Spiers did all that, but only lasted four days as a Hong Kong banker. “It was terrible,” said Ivan, simply. “You’re making a big mistake,” said his father.

But at 21 Ivan Spiers was still too young for the stuffy life of a banker. He wanted to play rugby and surf. 

So he went to Australia and did just that until a rugby accident landed him in the hospital. The injuries to his ribs, and a broken spine still plague him today.

Once recovered and back on a surfboard, Spiers met his California connections. They were a bunch of young guys, all good friends, surfing in the Canary Islands. One of them had a family ranch in Monterey and said, “Come to Monterey, we’ll get you some work.”

That was in 1972, and consequently Spiers has added lettuce picker to his resume. 

At that time the economy was booming, gas was 40 cents a gallon, and you could buy a decent car for $500. Picking lettuce was very good money – about $400 a week, but hard work. “The first two weeks almost killed me,” said Spiers. Then he learned from the guys who’ve done it for years how to do the lifting. Just like music, it turns out it’s about rhythm.

Growing a business

It was in Monterey that Spiers began his huge career in the apparel industry. Out by the airport there was a sweater and sport coat factory. Ivan got to know the owners and began buying goods from them and selling.

By the early 1990’s Spiers had amassed 29 large retail stores, and had his own family. He has three children; twin daughters now living in Austin, and a son now living in New York. 

“In 1992 I thought I was retired,” he said. But the financial reality of life post-divorce meant he would keep his nose to the grindstone.

Thanks to many friends in the area, Spiers moved from Monterey to Laguna. He continued to flourish in the apparel business to the point where he is now known as an industry veteran. He has helped launch brands with financing, and he’s created manufacturing, warehousing and distribution networks worldwide for everything from clothes to shoes to sunglasses.

Though Laguna is home base, Spiers is global citizen. He’s in Sri Lanka, and much of Asia at least a few times a year, plus Panama, the UK, and Canada. This week he was closing the deal on a big merger that he was pretty mum about. “You’ll read about it,” he said, slyly. 

He comes off as a behind-the-scenes guy, somehow maintaining his privacy despite his high profile. It’s that kind of humility that makes him approachable.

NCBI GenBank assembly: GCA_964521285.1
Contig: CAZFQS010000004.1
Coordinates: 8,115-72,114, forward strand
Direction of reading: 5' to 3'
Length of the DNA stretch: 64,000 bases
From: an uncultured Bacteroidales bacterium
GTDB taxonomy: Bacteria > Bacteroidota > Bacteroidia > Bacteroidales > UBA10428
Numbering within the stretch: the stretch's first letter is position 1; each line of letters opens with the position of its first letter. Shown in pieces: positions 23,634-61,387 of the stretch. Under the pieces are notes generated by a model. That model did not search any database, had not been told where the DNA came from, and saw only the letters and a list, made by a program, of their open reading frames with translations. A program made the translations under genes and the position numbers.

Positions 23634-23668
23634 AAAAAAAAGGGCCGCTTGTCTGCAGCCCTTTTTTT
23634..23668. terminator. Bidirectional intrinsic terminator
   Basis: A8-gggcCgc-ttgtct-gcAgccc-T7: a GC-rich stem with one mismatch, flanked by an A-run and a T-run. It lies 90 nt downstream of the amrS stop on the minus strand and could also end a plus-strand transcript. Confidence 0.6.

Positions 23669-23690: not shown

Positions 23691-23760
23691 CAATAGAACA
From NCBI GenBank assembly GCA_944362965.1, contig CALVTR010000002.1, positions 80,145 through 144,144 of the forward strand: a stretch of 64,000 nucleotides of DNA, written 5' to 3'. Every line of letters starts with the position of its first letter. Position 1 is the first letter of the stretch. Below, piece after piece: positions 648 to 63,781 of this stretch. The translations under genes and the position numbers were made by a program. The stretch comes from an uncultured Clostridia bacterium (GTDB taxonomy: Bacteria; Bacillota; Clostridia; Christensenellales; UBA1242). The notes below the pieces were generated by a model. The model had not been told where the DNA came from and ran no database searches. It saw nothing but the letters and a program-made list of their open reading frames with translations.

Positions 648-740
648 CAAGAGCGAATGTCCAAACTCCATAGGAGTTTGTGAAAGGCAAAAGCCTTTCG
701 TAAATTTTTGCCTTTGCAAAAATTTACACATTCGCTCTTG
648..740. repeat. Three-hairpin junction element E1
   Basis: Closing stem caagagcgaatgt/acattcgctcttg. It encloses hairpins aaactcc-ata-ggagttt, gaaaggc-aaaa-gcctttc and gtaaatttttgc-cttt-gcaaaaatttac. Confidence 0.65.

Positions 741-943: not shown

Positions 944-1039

Music for the soul

When it comes to music, Spiers jumps in, hook, line and sinker. He appreciates everything about music, and plays the guitar as well. He’s been known to rock it on the Mozambique stage just for fun, with friends like Nick I, and Bob Hawkins. 

This past October, Spiers opened Daryl’s House with rocker Daryl Hall, in Pawling, New York. It’s a restaurant and music venue that also broadcasts shows live on the Internet. “It’s been great,” Spiers said. “We’ve been so well received.” 

During the live broadcasts there are about 80 people employed at Daryl’s House, and Spiers has been surprised at the support they’ve been given. “Governor Cuomo sent someone – in a suit – to see if they could help!” he said. “They want it to succeed and make sure we’re well taken care of.”

 Daryl Hall will be playing there himself, on New Year’s Eve, and the show will be broadcast. His former partner, John Oates, will be performing at Mozambique on Feb 4. Spiers is keeping Hall and Oates rockin’ on both coasts.

At home in Laguna, Mozambique is like Spiers’ community gathering place. He has opened its doors to countless non-profits for their fundraising efforts. He has made friends with musicians, and even the neighbors. 

“I try to help everybody,” he says.

And he does. It’s just in his nature.

Shaena Stabler is the Owner, Publisher & Editor.

Dianne Russell is our Associate Editor & Writer.

Michael Sterling is our Webmaster & Designer.

Mary Hurlbut is our Chief Photographer.

Alexis Amaradio, Barbara Diamond, Dennis McTighe, Diane Armitage, Lynette Brasfield, Marrie Stone, Maggi Henrikson, Samantha Washer, and Suzie Harrison are our writers and/or columnists. Scott Brashier is our photographer.

Stacia Stabler is our Social Media Manager & Writer.